Hands On! A Child’s Gallery greets 250,000th visitor
Posted Feb 26, 2017 BlueRidgeNow.com
By Stephen KindlandTimes-News correspondent
Hundreds of children learn while playing at Hands On! every year, but Rebecca Storey, a teacher and mother of 23-month-old Jacqueline, was surprised to hear on Thursday that she was the interactive museum’s 250,000th visitor.
“This is great,” Storey said after Hands On! founder and Executive Director Heather Boeke presented her and Jacqueline with gift baskets inside the brightly painted learning center on North Main Street.
“We’re having a birthday party here next week for Jacqueline,” Storey said, still smiling as her daughter toddled off to play. “She loves painting. Oh, and the Play-doh.”
Hands On! is a not-for-profit children’s gallery that opened 10 years ago, when Boeke (pronounced bo-key) and her husband, David, yearned to take their three children to an early learning center similar to what they had seen in Chicago and other cities.
“I just saw great value in them,” Boeke said. “We were frustrated with the lack of educational (opportunities) and family oriented activities in this community back then.”
Rather than complain, Boeke established her own early learning facility by surrounding herself with “all the right people” — people who helped her plan and design a 5,600-square-foot center that features a waterfall beneath a walkable bridge, a tunnel slide, a performance stage and a make-believe grocery store.
Hands On! has grown from a handful of adults and children to more than 800 active members representing an estimated 220 families, according to Boeke.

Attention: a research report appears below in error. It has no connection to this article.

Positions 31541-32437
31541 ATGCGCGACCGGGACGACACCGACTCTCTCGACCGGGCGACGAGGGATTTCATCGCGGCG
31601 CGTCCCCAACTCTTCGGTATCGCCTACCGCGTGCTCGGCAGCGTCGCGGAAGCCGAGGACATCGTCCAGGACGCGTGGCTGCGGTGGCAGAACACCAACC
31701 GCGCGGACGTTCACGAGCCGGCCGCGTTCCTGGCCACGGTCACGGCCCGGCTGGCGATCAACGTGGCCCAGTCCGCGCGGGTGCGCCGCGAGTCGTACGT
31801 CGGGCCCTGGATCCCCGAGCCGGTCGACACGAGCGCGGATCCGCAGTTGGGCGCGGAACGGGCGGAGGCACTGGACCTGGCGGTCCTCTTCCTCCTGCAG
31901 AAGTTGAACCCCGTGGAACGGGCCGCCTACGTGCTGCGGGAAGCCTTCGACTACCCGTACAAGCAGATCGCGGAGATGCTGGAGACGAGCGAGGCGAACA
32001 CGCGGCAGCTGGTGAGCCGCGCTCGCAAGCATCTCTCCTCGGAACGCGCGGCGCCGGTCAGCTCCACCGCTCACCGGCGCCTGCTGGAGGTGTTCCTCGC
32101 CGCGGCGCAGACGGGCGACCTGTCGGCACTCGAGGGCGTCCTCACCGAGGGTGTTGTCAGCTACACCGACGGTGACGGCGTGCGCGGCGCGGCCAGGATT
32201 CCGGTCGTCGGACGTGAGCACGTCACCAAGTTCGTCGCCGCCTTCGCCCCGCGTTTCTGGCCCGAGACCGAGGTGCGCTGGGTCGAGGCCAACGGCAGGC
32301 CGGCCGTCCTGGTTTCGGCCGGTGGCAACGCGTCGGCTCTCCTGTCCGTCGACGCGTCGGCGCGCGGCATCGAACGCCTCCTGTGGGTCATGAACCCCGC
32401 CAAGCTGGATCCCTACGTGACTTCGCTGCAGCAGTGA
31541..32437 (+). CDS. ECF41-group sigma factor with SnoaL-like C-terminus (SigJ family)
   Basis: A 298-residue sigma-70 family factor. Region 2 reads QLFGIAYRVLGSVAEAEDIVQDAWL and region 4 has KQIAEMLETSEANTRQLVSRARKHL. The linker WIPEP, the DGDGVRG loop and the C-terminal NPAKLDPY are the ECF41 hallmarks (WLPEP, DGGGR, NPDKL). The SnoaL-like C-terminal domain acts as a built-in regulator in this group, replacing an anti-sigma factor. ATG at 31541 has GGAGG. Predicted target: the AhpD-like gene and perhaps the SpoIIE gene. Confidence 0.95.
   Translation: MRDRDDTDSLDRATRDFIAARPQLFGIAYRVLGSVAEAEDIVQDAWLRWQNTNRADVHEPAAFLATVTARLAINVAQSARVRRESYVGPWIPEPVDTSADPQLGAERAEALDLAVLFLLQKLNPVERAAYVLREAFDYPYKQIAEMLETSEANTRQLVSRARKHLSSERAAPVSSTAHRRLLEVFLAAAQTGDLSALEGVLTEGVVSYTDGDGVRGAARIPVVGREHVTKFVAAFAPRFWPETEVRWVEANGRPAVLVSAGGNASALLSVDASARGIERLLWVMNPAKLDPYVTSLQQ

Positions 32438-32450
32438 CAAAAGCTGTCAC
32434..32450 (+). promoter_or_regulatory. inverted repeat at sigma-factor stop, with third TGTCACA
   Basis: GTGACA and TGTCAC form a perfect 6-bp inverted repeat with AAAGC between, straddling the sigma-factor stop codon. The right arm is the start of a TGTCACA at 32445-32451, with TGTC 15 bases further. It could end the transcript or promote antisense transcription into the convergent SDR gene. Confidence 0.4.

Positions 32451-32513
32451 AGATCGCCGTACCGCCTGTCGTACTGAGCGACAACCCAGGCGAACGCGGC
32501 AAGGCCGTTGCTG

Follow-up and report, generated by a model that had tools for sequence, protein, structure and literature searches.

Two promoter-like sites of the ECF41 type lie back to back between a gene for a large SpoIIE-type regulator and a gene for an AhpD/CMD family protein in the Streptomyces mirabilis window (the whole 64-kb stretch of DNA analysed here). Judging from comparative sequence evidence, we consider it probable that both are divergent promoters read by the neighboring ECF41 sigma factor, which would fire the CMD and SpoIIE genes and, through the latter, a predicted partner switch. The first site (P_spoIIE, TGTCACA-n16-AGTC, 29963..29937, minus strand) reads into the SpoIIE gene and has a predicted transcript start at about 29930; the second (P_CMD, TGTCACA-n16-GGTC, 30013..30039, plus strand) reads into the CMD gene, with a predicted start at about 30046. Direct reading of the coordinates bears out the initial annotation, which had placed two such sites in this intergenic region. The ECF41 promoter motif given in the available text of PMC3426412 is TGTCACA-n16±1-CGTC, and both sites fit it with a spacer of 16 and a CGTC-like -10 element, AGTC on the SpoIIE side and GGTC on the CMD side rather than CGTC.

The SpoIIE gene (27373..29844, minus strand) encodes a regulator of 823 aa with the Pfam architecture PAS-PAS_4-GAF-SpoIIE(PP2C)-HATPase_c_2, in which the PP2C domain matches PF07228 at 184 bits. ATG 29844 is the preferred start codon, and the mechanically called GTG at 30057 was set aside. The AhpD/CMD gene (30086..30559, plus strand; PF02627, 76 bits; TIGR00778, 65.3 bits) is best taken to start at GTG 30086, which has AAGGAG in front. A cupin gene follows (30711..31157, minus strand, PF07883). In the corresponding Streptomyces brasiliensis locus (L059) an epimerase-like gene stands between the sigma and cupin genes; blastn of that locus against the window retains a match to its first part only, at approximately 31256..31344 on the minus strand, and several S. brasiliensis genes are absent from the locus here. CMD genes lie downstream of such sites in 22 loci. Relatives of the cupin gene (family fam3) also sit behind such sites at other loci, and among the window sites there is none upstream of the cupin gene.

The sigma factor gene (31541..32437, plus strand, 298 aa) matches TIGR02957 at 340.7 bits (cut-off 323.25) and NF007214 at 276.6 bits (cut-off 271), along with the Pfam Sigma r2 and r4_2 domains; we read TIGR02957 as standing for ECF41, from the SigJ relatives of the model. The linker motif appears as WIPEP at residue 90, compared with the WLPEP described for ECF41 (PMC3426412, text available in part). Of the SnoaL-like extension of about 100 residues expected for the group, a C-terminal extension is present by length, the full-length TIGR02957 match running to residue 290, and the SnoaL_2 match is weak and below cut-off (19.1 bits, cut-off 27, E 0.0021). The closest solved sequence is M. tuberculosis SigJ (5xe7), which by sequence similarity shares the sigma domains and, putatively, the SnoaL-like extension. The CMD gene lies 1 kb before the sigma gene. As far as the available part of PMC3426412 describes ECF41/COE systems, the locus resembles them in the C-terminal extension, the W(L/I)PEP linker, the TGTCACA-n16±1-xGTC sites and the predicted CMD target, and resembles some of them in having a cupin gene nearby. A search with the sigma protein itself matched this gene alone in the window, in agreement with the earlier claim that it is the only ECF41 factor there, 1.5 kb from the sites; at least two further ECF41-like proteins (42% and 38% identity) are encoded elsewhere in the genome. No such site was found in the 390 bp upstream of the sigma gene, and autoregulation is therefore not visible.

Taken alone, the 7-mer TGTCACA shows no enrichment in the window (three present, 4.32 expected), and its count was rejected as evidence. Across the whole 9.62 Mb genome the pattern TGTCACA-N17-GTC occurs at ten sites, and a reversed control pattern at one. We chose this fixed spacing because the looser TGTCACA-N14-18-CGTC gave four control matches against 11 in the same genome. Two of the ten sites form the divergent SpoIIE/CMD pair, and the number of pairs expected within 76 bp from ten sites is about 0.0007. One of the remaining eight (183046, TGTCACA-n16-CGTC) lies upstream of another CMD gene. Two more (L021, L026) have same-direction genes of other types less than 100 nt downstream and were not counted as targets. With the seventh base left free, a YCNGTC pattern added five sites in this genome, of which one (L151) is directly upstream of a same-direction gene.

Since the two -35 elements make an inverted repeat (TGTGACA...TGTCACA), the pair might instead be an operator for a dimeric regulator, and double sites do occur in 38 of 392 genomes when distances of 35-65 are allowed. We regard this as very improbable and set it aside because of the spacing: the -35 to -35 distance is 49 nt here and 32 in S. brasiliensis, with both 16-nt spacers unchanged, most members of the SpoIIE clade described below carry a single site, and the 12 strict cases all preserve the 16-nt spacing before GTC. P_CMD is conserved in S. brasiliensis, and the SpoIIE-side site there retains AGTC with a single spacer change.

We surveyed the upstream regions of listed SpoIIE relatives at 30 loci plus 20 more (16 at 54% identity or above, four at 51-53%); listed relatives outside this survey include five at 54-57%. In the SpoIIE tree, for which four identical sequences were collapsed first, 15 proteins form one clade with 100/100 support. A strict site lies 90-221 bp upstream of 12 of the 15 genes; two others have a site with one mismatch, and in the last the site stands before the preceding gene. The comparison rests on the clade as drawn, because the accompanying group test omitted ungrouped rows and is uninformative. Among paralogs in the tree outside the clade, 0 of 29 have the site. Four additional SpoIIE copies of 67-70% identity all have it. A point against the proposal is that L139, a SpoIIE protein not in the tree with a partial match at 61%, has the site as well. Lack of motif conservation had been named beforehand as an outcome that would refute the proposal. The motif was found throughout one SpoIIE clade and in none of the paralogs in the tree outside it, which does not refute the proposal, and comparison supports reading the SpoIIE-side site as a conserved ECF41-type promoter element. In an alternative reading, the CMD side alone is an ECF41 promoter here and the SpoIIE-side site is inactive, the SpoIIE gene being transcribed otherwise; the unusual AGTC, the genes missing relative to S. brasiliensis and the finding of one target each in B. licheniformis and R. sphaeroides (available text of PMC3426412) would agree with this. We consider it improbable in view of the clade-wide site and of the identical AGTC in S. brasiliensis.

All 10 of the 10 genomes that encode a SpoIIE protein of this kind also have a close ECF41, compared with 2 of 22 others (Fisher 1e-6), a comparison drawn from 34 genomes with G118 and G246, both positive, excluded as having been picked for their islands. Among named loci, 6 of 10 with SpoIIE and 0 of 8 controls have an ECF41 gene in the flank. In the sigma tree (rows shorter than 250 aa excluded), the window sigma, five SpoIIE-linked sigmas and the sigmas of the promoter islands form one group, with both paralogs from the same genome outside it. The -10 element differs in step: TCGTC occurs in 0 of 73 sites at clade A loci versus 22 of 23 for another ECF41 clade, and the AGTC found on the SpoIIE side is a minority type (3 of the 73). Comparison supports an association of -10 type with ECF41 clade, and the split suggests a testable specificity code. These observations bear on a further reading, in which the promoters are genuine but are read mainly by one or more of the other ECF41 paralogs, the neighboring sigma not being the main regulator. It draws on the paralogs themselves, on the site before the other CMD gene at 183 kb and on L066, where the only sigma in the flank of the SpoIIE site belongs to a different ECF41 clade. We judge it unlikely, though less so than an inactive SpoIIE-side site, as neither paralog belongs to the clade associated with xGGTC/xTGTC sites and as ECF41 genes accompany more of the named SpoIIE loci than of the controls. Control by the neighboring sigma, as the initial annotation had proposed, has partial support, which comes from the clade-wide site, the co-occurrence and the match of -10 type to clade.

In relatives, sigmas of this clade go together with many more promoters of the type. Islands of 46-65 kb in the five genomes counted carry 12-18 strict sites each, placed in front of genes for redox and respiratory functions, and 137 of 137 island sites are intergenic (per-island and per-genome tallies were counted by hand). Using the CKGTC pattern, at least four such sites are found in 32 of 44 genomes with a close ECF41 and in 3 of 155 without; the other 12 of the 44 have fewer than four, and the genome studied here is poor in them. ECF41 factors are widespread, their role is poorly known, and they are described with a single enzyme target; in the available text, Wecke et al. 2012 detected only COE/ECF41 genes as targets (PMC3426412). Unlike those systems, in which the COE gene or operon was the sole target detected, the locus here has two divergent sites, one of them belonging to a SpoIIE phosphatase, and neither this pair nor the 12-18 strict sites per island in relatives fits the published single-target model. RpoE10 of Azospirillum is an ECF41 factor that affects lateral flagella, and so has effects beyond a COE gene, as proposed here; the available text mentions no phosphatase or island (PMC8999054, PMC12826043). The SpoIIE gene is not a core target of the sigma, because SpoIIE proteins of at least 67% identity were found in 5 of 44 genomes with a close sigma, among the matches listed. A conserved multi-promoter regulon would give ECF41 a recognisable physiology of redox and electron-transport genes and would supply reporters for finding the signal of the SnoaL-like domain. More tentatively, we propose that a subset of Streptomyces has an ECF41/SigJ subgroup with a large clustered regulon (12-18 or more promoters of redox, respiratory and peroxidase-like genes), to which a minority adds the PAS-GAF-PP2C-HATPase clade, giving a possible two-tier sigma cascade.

“I’m not an educator,” Boeke said. “I’m an organizer. It was an educated risk, and what I found out is that this community is incredibly generous. People here are very willing to help.”
After negotiating a mortgage deal that included deferred payments on the principal for the first six years, Boeke’s business soon caught on. While memberships were being sold, private individuals and businesses began supporting the museum with donations.
Fundraisers soon followed, including the Mad Mountain Mud Run, an annual event in Hendersonville that covers a significant amount of the museum’s $370,000 per year operating costs.
A scholarship for low-income families also has been established, and as the museum begins outgrowing its space, new and innovative outreach programs are being developed, including “Mad Scientists On Wheels,” a traveling science show that visits schools, libraries, hospitals and other venues.
Such progress continues as children and their parents or guardians — who pay annual memberships ranging from $70 to $200 — visit the museum daily, often taking part in organized sessions such as MakerSpace, a program that recently received a $4,000 grant from the Duke Energy Foundation.
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